If This Passes, Only Criminals Could Do Speech Technology
Today I’m reminded of what I’ll call Anderson’s Law, formulated by Poul Anderson, a science fiction writer who understood how science is done, as well as how engineers work: “I never saw a problem, however complicated, that when looked at the right way wasn’t still more complicated.”
The Obama administration in March proposed legislation that would affect the Internet and our professional lives in ways we can’t begin to predict. At first glance, the proposal is nothing but trouble; or, perhaps the legislation would open up vast opportunities. Maybe it would do both. Or neither. The more I look at it, the more complicated it becomes. The European Union advocates similar regulations with similarly unclear consequences.
News reports about the legislation have echoed some spokesman’s talking points without thinking through the consequences. Journalists rarely, if ever, give references to primary source materials (see http://www.stinkyjournalism.org/editordetail.php?id=1263), so I dug around for the full story and the government press releases. The paper trail starts at the Commerce Department, which proposed legislation to protect privacy, with enforcement by the Federal Trade Commission. As usual, the FTC would enforce rules through its panoply of coercive measures.
The government would be able to mandate that someone, in this case Internet-based services, abide by the FTC’s Fair Information Practice Rules. This in turn would require:
• precollection disclosure of what data would be collected from you and for what purpose;
• right of review to verify that your data are correct and complete; and
• security of all your personal data.
I know what all you technical people are thinking: What a nightmare! A hundred million Web unique visitors to your site, each one wanting to exercise the right to review and correct whatever background marketing information you’ve collected (“No, I do not prefer the color red”). Entrepreneurs who want to analyze and monetize statistics would be in for some sleepless nights. And the behaviorists are thinking that everyone who visits Web sites regularly would click through the disclosure agreements, rendering the operation pointless.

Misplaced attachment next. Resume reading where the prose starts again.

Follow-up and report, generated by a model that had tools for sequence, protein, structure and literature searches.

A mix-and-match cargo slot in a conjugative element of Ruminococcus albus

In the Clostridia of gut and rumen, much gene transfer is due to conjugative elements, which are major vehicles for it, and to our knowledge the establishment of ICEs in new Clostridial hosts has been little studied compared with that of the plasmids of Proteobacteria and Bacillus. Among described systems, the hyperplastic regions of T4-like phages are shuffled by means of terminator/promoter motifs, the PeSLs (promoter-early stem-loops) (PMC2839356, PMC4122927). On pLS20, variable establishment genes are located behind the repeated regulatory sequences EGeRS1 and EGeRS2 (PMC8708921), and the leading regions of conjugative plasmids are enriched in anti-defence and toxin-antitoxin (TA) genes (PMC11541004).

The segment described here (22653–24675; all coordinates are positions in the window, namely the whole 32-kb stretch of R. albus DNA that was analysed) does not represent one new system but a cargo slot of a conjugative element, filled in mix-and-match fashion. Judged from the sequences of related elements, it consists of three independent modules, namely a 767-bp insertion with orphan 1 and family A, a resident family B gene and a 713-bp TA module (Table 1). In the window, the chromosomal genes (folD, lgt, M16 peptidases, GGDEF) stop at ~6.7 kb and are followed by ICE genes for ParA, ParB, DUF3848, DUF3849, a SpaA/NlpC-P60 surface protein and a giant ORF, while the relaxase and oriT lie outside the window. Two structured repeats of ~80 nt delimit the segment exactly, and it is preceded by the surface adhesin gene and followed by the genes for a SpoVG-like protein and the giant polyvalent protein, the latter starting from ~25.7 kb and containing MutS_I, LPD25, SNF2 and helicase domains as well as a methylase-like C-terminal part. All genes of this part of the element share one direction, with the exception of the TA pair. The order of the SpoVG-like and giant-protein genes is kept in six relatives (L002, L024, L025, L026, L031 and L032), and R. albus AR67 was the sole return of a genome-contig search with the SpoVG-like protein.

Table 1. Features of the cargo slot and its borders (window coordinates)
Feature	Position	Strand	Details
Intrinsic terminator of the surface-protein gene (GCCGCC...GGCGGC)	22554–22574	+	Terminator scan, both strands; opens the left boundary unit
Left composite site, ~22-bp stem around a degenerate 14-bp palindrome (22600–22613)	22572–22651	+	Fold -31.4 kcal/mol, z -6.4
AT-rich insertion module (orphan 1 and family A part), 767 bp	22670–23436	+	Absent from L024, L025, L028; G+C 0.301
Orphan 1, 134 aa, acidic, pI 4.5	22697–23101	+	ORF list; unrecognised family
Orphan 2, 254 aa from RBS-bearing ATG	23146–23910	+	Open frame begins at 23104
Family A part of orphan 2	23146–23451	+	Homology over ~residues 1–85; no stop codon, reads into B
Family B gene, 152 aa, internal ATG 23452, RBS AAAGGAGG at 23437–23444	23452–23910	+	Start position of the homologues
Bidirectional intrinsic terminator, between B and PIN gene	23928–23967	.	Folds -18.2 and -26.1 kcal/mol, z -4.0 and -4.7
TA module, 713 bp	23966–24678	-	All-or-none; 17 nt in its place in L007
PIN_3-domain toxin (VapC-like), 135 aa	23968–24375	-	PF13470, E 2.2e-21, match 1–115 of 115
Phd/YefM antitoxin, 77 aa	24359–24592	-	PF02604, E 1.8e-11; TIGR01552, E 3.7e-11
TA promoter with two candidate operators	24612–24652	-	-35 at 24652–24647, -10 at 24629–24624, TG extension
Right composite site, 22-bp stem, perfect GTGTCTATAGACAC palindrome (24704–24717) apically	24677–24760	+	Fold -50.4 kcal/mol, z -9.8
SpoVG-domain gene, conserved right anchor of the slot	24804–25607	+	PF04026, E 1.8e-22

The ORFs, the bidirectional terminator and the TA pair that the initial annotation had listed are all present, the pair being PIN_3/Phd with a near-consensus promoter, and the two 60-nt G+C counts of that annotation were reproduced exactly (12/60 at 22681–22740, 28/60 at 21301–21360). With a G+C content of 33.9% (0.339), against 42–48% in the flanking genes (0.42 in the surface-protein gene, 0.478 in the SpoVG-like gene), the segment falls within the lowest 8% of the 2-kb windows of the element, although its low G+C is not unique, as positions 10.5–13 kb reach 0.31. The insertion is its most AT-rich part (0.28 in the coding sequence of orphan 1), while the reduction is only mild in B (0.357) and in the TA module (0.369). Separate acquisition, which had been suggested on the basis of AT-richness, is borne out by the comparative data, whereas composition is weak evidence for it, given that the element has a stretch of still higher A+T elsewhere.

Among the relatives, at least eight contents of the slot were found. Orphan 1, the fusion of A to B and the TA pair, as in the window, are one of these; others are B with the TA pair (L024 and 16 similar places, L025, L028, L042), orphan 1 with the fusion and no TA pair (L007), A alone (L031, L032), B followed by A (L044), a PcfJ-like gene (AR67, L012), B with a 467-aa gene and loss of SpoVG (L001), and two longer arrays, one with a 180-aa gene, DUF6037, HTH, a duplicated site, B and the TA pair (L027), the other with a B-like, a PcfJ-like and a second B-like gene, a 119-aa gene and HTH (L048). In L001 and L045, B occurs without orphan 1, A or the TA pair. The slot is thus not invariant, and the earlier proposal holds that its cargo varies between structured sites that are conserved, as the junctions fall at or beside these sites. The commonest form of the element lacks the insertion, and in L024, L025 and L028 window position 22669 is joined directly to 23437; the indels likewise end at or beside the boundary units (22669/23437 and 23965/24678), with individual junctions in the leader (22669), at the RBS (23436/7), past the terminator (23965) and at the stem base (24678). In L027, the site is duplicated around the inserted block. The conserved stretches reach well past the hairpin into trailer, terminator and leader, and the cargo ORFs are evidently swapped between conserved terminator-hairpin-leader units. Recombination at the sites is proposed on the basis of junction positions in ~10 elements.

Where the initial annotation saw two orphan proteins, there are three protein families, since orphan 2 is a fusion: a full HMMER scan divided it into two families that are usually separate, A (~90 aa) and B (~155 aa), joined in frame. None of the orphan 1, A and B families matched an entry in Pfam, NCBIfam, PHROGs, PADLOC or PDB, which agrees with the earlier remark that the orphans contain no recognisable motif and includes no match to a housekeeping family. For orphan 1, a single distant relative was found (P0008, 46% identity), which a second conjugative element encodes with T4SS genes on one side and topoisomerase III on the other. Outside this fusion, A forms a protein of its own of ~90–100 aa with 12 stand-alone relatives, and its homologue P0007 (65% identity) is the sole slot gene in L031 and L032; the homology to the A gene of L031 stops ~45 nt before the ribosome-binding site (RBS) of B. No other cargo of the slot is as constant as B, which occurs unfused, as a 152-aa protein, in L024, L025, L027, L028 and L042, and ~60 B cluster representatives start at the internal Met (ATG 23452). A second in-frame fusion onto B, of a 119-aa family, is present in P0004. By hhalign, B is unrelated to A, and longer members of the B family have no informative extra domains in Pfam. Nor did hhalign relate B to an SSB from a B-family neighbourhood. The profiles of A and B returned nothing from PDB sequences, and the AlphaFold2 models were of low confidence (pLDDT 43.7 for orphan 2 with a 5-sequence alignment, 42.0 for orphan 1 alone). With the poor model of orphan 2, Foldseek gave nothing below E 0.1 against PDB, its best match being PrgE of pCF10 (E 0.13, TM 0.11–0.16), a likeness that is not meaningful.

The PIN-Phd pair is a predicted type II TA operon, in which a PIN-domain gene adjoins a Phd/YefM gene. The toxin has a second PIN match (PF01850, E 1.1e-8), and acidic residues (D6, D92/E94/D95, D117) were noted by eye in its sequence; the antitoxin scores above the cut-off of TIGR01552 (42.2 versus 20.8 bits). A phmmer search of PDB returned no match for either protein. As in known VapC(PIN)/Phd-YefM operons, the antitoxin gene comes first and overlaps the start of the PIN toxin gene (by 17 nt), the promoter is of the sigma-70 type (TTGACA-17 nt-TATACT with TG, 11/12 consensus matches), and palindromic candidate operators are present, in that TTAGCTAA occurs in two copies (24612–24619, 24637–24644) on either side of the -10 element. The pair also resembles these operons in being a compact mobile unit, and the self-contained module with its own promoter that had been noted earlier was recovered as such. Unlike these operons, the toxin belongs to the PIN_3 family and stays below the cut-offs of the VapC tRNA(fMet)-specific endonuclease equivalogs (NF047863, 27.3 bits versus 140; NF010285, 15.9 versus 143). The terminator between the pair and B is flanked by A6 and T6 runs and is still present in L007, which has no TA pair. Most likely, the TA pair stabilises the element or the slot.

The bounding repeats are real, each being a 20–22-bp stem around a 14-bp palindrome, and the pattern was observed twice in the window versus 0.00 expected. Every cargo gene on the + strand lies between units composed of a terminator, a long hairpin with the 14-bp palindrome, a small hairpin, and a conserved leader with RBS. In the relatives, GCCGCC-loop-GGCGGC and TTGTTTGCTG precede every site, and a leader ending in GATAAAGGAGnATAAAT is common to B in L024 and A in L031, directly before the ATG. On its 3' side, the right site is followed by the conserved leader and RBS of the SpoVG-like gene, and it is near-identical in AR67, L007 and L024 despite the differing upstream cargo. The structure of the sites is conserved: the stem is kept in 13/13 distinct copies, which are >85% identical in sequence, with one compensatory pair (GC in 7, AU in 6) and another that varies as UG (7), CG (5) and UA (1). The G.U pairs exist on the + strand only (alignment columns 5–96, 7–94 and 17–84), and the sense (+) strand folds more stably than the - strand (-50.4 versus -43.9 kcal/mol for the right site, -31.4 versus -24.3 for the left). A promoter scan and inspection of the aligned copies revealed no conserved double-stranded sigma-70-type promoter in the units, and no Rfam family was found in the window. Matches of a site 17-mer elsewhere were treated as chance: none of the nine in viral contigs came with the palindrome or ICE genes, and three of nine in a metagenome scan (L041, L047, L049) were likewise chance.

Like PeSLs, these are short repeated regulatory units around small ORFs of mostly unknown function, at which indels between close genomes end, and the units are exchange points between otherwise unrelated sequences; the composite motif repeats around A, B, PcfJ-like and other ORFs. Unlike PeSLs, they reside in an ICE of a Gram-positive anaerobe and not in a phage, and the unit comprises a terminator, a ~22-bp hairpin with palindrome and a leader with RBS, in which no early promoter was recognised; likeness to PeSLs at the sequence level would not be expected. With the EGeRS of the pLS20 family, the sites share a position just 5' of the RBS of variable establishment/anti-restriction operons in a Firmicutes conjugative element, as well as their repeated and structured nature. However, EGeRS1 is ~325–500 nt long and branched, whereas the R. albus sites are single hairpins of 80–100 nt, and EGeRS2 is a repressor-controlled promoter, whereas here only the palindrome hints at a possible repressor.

Security folks would marvel at the cloddish notion that opening 100 million records to the scrutiny of the general public would improve people’s lives (that is, honest people’s lives), and wait with dread to hear what nonsensical security regime the regulators would impose.
Some consequences are easy to foresee. New Web-based services, such as Web APIs, would become harder to create, because of privacy rules and the sheer cost of compliance (e.g., if I use company A’s API in my product, I’d likely be liable if company A breaks the rules). That alone would squash experimental APIs. Eventually, that would result in higher costs through a regime of audits, which would translate into permanently lower start-up activity.
As for speech technology, any API-centric platform would face higher compliance costs. Any service using biometrics would be required not only to secure the biometrics but also to let consumers review that data. Given that the law would require that data be presented in an easily understood format, biometric companies would scramble to explain features to the man on the street.
Even straightforward IVR systems might struggle. Every user of your IVR system would provide grist for the mill as you grind away at your user interface and back-end technology; all the data would offer insights into the performance of your speech technology and user interface.
The point of the legislation, if I read it correctly, is to force data collection practices into a rigid straitjacket. We won’t be able to wave our arms and claim that our data collection operations are so innocuous that we should be exempt. Must you disclose all the uses of this data? How can you accomplish that during a phone call? Do you have a lobbyist with bags of cash to beg for an exemption? Data mining companies, including the ones that sift through corporate data for problems and trends, would have a party on their hands.
As for the hypothetical vast opportunities, I tried for hours to think of them but to no avail. At first I considered that some companies would rather shut down their Web presence and provide telephony services instead, to avoid high compliance costs, but I doubt that would happen. Someone somewhere might sell an extra biometric system to provide secure access; a few people would sell extra IVR systems. As for our industry, the costs of compliance would burn money that might otherwise be spent creating real value.
Moshe Yudkowsky, Ph.D., is president of Disaggregate Consulting and author of The Pebble and the Avalanche: How Taking Things Apart Creates Revolutions. He can be reached at firstname.lastname@example.org.